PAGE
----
As Christians, we forget to realize our relationship to each person in the Trinity. Especially how to relate to the Trinity and deal with our sin. What about fighting our sin with God the Father? God is here to help us. After all, we know that man was made in the image of God (Gen. 1:26-28). Does this mean we are God? No, in fact this means that God created male and female in His own image and likeness. Although, man was created to reflect God and have the likeness of God, it does not mean man is also a God. Therefore, our actions reflect man’s relationship with God. When we fight against sin, we resemble that image more faithfully. The image of God (Imago Dei) is important as we learn to fight against any sin of partiality (James 3:9), knowing that we are created equally. A Christian who understands the importance of the image of God realizes that there is no room for racism, prejudice, injustice, and sexism. We all share in the image. To act in a way contrary to our relationship in the image of God is sin. We sin and therefore are responsible. As Christians, we must fight sin by going to God. Our responsibility to fight sin with God creates intimacy, a similar intimacy to Adam’s relationship with God. Theologians refer to Adam as the federal representative of our relationship with God. So how do we represent God by practically fight sin?
First, Realizing that Sin Brings Distance and Shame. We can all admit our shame when confronted with sin. In fact, sin can bring us to the depths of spiritual distance from God as well as physical depression (Ps. 32:1-4). You may be thinking of a particular time when you were ‘caught’ doing something you shouldn’t; or when you were reminded of a particular Bible verse that speaks against the way you acted. Perhaps this made you feel shameful or even physically ill? Shame and distance are a result of original sin, as Romans states:
“Therefore, just as through one-man sin entered into the world, and death through sin, and so death spread to all men, because all sinned.”ROMANS 5:12
It is interesting to notice the immediate result of shame in Gen. 3:
Then the eyes of both of them were opened, and they knew that they were naked; and they sewed fig leaves together and made themselves loin coverings. They heard the sound of the Lord God … and … hid themselves from the presence of the Lord God among the trees of the garden. Then the Lord God called to the man, and said to him, “Where are you?” He said, … I was afraid because I was naked; so I hid myself.” And He said, “Who told you that you were naked? Have you eaten from the tree of which I commanded you not to eat?” The man said, “The woman whom You gave to be with me, she gave me from the tree, and I ate.” Then the Lord God said to the woman, “What is this you have done?” And the woman said, “The serpent deceived me, and I ate.”Genesis 3:7-13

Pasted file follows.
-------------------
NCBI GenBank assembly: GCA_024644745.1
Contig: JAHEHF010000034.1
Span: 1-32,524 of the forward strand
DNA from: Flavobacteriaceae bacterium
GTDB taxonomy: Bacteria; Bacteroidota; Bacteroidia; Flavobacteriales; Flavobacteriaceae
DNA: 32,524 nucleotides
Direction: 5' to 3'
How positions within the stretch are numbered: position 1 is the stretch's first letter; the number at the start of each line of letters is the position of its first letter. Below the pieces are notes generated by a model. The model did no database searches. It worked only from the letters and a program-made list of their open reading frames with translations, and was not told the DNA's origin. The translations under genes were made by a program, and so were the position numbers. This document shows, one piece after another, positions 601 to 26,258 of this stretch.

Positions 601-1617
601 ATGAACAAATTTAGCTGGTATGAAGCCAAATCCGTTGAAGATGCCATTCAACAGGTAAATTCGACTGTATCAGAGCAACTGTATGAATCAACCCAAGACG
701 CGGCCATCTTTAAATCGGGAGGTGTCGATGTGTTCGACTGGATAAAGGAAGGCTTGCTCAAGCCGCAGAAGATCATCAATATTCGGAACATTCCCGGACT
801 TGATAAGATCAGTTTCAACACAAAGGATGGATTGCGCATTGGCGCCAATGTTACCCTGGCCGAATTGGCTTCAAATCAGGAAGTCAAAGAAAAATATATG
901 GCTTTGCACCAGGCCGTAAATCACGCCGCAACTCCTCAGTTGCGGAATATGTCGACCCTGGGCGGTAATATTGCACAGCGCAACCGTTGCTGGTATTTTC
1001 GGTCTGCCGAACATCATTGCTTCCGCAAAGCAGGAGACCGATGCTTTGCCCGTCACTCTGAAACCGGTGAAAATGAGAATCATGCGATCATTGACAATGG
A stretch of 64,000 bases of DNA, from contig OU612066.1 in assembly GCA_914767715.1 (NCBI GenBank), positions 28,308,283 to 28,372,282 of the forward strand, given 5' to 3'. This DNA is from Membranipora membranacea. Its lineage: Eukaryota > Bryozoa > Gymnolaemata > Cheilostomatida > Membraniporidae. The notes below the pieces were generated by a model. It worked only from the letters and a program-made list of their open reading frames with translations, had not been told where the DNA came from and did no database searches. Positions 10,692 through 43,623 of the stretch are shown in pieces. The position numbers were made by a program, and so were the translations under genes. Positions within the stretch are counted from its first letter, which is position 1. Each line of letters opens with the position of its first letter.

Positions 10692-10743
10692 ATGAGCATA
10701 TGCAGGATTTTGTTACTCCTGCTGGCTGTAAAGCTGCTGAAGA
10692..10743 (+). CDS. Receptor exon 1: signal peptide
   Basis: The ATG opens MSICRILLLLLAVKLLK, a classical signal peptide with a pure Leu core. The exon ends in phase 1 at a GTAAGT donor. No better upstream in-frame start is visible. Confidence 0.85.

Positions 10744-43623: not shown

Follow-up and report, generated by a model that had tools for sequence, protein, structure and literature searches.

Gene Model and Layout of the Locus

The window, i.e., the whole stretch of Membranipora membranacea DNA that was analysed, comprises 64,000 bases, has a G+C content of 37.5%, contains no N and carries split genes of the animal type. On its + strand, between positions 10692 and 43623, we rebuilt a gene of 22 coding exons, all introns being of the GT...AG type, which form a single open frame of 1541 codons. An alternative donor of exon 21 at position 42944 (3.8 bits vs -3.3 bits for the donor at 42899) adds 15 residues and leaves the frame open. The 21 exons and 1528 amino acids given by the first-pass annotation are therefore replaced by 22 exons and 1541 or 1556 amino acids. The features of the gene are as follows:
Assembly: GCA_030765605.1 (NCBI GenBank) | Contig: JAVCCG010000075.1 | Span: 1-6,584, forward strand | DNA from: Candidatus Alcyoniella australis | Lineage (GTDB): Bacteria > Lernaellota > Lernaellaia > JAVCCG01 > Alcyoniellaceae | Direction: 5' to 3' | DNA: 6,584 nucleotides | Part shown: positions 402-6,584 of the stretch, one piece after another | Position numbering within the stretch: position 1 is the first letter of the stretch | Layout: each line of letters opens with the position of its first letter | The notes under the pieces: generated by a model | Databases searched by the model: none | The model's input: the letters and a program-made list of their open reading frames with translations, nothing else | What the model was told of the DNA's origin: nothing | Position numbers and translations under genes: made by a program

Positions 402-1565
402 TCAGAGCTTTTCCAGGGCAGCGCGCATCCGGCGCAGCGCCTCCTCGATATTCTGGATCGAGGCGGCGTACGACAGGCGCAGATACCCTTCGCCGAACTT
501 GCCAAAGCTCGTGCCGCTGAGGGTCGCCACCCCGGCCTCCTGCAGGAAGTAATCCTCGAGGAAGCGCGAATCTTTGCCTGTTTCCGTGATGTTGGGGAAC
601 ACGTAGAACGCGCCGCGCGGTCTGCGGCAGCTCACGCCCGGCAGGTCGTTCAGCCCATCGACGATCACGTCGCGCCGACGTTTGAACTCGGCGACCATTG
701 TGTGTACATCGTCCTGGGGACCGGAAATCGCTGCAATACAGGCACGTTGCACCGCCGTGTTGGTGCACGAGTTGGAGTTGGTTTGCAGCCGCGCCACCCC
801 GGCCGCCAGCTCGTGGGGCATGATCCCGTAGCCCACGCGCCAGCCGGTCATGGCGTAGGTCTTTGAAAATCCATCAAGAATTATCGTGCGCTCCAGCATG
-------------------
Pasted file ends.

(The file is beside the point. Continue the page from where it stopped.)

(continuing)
Shame caused their eyes to immediately be opened to the world (Gen. 3:7). Their eyes saw that they were naked (Gen. 3:7). However, in the second point we learn that Christians have an opportunity to relate to God when feeling shame from sin.
Second, By Confessing Sin, not Covering Sin Up. At this point, Adam and Eve had a decision to make. They could either confess their sin to God or cover it up. If they confess their sin they will immediately feel restoration. However, they chose the latter and began to cover their sin with clothing (Gen. 3:7). Instead of acknowledging their sin to God (Psalm 32:5; 51:4), they tried to keep it secret. Sin is one thing in our life that we should always confess to God. In fact, God is omniscient (all-knowing) and knows the hearts of man (Mt. 9:4; Rom. 8:27-29). When Christians keep their sin secret, it is denying the omniscience of God. At this point, Adam and Eve are left to improvise with creation to cover up their relationship with God. They knew something was wrong. They hid themselves (Gen. 3:8) and showed their un-spiritual nature in response to sin, which was a childish withdrawal from the Creator and Helper. Believer, don’t cover up your sin; confess it and expose it.
Third, See How God Responds to Sin. God says, “where are you” (Gen. 3:9)? God was not wondering intellectually as if He was void of knowing exactly where they were. However, God poses the question graciously in a way to fish for Adam & Eve. God wants Adam & Eve to understand the result of sin. Thus, God asks of Adam and Eve, “where are you.” He uses the interrogative adverb, where (איכה), which addresses Adam and Eve’s purpose for not being in His presence. The Garden of Eden was created for Adam and Eve, who were created in the Image of God, to be in communion with God. The garden was not a place to cover themselves and hide. Sin had caused Adam and Eve to deviate from the intended design of creation and communion with God.
However, we see the grace of God in being mindful of man (Psalm 8:4). God never hides from us when we hide from Him. In fact, God is always ready to forgive a person who is willing to confess their sin. There are even occasions when God chased after sinners, even though they didn’t deserve it (i.e. Job, Paul), indicating uniquely whom He chooses. We must fight against our nature to suppress God´s knowledge of our sins, even though our sin against God is evident (Rom. 1:18-19). We must fight the presumptuous temptation to think God will search for us without our synergistic participation in the sanctification process. The Prodigal Son returned in repentance of his ways and so should we (Luke 15:18-21). We must find God in a time when he may be graciously found (Ps. 32:6). One thing is for sure, if you go to God in confession, he responds graciously and restores you of your guilt (Psalm 32:5; 1 John 1:9).